November 9, 2018
1 Kislev 5779
Genesis 25:19 — 28:9
It is an interesting concept to have descendants. Do they need to be by blood, or can they be our descendants because we pass on what we value what matters to us as individuals?
Kristallnacht is November 9th -- the night of the broken glass. What are we to remember, we the generations that followed that time 80 years ago? It has almost passed out of memory.
Every year the week before Kristallnacht, my mother would go to Hebrew School and tell her story -- an older woman with a German accent telling a story that occurred when she was 18. How can we bridge that gap of age and experience? How do we pass on the feelings of another time and place when life was lived at a different pace? It was a time and place where a father's phone call had impact because calling was expensive and not done with ease.
How do we communicate across the generations? How can those distant stories still resonate carrying an impact that is not always readily apparent? After all, times are different.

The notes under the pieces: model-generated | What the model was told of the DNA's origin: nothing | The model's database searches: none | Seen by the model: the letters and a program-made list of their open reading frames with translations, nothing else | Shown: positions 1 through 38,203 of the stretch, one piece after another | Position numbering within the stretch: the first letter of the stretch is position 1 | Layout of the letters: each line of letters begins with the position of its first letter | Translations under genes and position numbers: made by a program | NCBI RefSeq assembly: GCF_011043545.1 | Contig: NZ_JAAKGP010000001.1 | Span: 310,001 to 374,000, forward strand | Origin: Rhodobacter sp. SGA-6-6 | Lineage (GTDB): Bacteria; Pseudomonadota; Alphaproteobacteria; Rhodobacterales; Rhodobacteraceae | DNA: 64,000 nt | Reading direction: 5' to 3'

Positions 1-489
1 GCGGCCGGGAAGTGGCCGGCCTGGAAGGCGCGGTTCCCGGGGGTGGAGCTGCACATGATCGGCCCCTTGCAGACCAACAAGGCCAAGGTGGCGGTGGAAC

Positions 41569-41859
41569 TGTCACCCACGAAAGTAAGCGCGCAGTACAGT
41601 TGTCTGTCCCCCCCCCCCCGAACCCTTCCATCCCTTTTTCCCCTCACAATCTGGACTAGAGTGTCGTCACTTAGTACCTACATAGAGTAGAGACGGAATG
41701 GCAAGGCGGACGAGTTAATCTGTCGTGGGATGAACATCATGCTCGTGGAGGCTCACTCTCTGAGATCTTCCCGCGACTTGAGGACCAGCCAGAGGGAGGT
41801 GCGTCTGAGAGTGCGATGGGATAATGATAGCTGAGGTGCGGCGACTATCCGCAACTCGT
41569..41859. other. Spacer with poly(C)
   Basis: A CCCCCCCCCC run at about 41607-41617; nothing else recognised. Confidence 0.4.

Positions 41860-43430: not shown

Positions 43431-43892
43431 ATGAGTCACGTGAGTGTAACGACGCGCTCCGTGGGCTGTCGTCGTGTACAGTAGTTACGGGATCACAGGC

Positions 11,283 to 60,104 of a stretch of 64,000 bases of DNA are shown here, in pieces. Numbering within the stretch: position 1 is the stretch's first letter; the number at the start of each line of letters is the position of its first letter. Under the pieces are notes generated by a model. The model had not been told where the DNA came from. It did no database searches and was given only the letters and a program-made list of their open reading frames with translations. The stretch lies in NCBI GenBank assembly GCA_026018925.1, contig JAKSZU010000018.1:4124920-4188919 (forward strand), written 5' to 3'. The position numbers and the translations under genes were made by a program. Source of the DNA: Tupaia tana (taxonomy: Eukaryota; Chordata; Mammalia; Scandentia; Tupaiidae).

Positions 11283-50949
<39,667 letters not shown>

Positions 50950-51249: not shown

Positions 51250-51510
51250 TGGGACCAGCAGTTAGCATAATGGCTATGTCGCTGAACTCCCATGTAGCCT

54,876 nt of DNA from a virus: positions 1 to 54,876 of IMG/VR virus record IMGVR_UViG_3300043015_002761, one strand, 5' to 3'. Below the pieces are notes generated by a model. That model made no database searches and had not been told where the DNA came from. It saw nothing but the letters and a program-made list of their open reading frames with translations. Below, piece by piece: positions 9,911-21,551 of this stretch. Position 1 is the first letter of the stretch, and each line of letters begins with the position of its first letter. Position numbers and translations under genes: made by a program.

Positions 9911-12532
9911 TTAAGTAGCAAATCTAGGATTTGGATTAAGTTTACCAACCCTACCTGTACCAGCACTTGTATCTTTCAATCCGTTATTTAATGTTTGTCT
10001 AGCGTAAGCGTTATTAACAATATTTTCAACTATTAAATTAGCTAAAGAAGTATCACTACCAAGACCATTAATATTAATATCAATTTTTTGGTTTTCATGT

But as in our Torah portion, we are reminded that people have not changed. Parents still favor one child over another, assigning qualities to the child that are more about the parent than the child. Rebecca favors Jacob who, at least in her eyes, is more of a homebody, while Isaac admires Esau, who is a hunter combative in a way that Isaac never is. Rebecca sees Jacob as embodying her husband’s gentle qualities (which is what she wants to see), while Isaac sees Esau’s strength, not his attention deficit disorders — to Isaac, Esau is strong like his beloved wife. By seeing their children through the lens of the beloved spouse, they don’t see the children at all.
The impact of these stories is deep and powerful when we push away that which marks it as a time different from our own and leave behind human behavior. Sometimes that behavior reveals the best, sometimes the worst, and sometimes simply reveals that we human beings are flawed and, hard as we try, we do not always get it right. To see what the past has to teach us, we need to be able to see what binds us together as human beings.
Shavua Tov — wishing you a good week,
Rabbi Linda Shriner-Cahn